Mike Klenosky 11/24/96
AP History per. 4 Ms. Valentino

On August 1, 1794, President George Washington was once again
leading troops. Only this time Washington was not striking out against the British
but rather against fellow Americans. The occasion for this was the Whiskey
Rebellion. Various efforts had been made to diminish the heated opposition
towards the tax on distilled liquors. However, there was only one man who has
derived the best course of action. That man, President George Washington,
deserves all the credit and recognition for his actions concerning the Whiskey
Rebellion.
In September 1791 the western counties of Pennsylvania broke out in
rebellion against a federal “excise” tax on the distillation of liquor. After local and
federal officials were attacked, President Washington and his advisors decided
to send troops to assuage the region. On August 14, 1792, under the militia law,
Henry Knox (secretary of war) had called for 12,950 troops. After this, many
problems arose, both political and logistical. These dilemmas had to be
overcome, and by October, 1794 the men were on the march towards
Harrisburg, Pennsylvania. There, they contained the mob hysteria and anger.
This event represented the first use of the Militia Law of 1792 enabling the militia
to “execute the laws of the union, and suppress insurrection” (The Whiskey
Rebellion of Harrisburg, Pennsylvania, 1).
It is clear that George Washington was the source of success in the
Whiskey Rebellion. When the militia, with Washington and Hamilton at its lead,
reached western Pennsylvania, it became clear that there would be no armed
resistance. Evidence of Washington’s leadership in this rebellion took place
when the “Representatives of the insurgents asked for clemency, and
Washington granted it with stipulation that they comply with federal laws
thereafter” (The Precipice of Power). This agreement forced the public to abide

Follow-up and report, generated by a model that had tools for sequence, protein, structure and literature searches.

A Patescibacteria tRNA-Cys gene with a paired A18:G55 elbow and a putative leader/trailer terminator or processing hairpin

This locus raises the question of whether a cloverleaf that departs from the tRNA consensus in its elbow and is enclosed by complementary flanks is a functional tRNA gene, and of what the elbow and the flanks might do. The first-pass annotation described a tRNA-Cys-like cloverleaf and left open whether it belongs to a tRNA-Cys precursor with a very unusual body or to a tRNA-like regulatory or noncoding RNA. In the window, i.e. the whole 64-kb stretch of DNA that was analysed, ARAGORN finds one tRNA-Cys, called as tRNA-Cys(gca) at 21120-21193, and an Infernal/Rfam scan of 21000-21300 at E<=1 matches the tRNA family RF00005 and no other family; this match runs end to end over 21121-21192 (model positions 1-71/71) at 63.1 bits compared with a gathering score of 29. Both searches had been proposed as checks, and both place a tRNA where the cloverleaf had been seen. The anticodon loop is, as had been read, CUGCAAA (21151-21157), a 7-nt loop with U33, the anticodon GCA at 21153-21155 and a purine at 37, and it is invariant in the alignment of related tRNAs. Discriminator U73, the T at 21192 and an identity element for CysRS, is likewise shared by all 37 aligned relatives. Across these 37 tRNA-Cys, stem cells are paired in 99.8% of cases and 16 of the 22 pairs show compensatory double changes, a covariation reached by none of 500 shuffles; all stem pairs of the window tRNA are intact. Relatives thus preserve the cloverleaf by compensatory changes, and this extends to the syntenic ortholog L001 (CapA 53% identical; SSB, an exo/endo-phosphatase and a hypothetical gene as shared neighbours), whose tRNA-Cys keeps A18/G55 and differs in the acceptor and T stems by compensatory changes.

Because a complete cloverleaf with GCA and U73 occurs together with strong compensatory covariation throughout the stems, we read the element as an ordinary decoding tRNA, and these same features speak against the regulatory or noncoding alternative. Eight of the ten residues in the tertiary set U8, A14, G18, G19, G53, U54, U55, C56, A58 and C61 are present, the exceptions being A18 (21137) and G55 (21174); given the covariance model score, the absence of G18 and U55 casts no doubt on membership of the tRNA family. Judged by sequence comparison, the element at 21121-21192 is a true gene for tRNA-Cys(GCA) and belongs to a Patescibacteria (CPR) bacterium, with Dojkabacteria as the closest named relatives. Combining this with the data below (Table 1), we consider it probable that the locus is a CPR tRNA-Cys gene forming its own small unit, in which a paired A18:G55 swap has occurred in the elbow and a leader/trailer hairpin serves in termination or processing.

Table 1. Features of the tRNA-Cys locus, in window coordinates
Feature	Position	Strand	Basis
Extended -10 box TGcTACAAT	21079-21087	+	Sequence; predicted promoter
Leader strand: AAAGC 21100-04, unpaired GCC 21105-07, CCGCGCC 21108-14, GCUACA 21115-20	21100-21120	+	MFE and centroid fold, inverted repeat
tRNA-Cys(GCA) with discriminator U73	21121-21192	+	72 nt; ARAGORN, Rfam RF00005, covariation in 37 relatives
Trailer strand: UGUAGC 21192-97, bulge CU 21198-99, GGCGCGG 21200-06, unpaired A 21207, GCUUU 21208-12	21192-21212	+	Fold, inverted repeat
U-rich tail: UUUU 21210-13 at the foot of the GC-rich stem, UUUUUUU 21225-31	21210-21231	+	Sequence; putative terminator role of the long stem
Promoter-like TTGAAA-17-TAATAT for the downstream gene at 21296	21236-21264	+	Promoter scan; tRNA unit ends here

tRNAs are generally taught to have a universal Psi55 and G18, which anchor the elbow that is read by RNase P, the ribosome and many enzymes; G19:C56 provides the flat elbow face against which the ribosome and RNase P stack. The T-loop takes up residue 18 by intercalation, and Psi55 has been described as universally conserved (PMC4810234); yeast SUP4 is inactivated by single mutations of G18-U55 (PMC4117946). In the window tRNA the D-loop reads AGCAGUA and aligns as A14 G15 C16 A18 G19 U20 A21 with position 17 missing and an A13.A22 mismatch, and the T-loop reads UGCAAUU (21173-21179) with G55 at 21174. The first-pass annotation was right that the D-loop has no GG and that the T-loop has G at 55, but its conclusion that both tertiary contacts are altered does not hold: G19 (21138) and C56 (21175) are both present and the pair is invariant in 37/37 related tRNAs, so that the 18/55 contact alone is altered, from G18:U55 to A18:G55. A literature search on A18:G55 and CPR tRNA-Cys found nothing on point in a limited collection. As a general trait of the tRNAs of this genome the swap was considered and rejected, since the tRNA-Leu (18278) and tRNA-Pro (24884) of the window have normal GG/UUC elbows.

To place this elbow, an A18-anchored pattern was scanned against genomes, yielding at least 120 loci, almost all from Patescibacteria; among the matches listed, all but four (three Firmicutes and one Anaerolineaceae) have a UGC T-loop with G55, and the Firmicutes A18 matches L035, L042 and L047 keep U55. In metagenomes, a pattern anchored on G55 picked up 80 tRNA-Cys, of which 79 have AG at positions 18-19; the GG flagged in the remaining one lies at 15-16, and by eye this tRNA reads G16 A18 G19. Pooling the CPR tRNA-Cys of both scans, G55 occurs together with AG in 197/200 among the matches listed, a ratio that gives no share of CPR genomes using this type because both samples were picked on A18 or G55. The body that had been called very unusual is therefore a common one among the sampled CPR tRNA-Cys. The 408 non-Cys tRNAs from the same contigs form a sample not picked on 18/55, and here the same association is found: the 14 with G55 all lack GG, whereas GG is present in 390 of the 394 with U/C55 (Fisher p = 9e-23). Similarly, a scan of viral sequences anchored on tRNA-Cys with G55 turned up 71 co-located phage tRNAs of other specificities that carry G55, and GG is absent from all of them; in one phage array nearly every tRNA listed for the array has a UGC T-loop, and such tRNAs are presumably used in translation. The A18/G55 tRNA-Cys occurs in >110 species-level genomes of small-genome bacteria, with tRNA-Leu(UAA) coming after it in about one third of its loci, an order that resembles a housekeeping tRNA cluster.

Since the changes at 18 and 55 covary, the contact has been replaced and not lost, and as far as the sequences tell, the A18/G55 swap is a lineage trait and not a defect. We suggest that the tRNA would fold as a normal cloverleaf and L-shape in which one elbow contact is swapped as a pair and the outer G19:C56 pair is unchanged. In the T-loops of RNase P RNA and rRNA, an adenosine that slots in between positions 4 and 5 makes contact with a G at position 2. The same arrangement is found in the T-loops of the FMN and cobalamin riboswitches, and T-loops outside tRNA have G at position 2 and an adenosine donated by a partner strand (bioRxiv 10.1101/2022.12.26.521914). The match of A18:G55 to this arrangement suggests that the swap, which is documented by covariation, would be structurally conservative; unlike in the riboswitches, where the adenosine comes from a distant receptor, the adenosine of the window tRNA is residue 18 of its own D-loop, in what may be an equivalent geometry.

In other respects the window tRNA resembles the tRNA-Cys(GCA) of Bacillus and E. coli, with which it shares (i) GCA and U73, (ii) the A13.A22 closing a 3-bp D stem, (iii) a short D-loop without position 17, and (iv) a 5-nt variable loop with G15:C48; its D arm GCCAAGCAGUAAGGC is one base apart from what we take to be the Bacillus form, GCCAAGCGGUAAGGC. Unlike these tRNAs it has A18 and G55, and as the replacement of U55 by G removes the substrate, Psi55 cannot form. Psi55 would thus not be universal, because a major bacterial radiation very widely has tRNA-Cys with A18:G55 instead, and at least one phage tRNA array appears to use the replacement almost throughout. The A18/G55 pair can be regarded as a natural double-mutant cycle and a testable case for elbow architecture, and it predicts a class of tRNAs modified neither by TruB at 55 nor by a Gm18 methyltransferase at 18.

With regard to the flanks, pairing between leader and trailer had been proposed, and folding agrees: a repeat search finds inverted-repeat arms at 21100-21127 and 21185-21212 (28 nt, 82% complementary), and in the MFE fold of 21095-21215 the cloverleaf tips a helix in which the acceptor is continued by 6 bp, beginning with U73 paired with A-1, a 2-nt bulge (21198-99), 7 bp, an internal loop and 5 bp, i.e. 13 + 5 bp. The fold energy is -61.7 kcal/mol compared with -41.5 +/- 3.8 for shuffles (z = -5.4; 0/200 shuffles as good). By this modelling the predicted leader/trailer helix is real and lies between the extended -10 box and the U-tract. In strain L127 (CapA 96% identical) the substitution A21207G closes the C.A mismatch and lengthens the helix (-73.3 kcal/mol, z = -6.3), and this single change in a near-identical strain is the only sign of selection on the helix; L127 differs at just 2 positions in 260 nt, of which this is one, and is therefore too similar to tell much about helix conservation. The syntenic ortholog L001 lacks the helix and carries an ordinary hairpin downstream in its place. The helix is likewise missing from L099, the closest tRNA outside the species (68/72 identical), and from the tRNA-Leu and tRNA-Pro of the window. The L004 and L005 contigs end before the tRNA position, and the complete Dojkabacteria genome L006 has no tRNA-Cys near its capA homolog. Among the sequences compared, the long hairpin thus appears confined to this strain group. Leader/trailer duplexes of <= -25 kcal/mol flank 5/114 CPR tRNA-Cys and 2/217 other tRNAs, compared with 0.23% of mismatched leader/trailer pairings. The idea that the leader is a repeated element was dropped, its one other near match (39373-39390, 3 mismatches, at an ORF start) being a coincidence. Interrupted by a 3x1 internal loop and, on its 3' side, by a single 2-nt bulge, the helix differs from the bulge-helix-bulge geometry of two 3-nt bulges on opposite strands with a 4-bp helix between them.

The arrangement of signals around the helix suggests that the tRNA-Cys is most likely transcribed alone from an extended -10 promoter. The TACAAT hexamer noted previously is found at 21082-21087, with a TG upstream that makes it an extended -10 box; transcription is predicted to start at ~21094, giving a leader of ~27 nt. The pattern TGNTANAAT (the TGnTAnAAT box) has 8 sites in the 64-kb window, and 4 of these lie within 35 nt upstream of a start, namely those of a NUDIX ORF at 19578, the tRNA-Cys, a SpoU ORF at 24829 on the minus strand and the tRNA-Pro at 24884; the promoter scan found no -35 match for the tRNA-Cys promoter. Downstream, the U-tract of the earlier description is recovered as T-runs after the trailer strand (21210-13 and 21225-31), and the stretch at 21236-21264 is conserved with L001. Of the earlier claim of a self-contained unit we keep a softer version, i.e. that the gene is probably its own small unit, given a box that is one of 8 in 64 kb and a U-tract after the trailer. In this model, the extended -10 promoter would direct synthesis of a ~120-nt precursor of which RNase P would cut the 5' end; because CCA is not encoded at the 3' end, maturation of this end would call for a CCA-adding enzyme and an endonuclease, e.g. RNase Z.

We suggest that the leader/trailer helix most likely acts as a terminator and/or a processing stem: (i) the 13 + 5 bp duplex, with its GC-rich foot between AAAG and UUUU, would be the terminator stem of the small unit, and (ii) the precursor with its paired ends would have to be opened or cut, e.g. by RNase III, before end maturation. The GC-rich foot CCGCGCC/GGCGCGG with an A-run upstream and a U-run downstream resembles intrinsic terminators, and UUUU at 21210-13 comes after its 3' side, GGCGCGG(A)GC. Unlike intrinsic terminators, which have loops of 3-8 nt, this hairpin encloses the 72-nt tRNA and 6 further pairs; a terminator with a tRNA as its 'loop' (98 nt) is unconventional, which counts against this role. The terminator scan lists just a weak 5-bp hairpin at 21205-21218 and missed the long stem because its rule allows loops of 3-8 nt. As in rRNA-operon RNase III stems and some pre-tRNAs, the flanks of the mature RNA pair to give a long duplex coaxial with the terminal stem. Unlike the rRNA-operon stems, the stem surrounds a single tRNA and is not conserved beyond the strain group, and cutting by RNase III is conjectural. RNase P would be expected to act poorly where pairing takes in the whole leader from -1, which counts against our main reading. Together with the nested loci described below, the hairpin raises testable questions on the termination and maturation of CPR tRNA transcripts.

by the rules of the government and their taxes without any destructive rebellions.
It was evident that Alexander Hamilton was not the backbone of this success.
“His actions provided undeniable proof to Republicans that Hamilton was a
monster who would stop at nothing to defend his corrupt policies, a budding
Caesar bent on establishing monarchy” (A Biography of Alexander Hamilton).
Hamilton did not care as much about the success of his government but of
himself and his beliefs on the nation. Furthermore, Hamilton was planning on
resigning, hence making it crucial to him to entrench the policies he had put into
place. “For the remainder of his life Hamilton worried that his work would be
destroyed, his system dismantled, under the opposition” (The Precipice of
Power).
President George Washington played a key role in the opposition
between the mob and the militia. He deserves the credit for creating and
maintaining peace among the people, and carrying out the mission without one
shot fired. Hamilton, on the other hand, put his interests ahead of the problem at
task, hence, forcing Washington to come up with a logical solution. Had it not
been for Washington’s courage and kindness, the militia might well have
followed the lead of the French Rebels, and destroyed the country.
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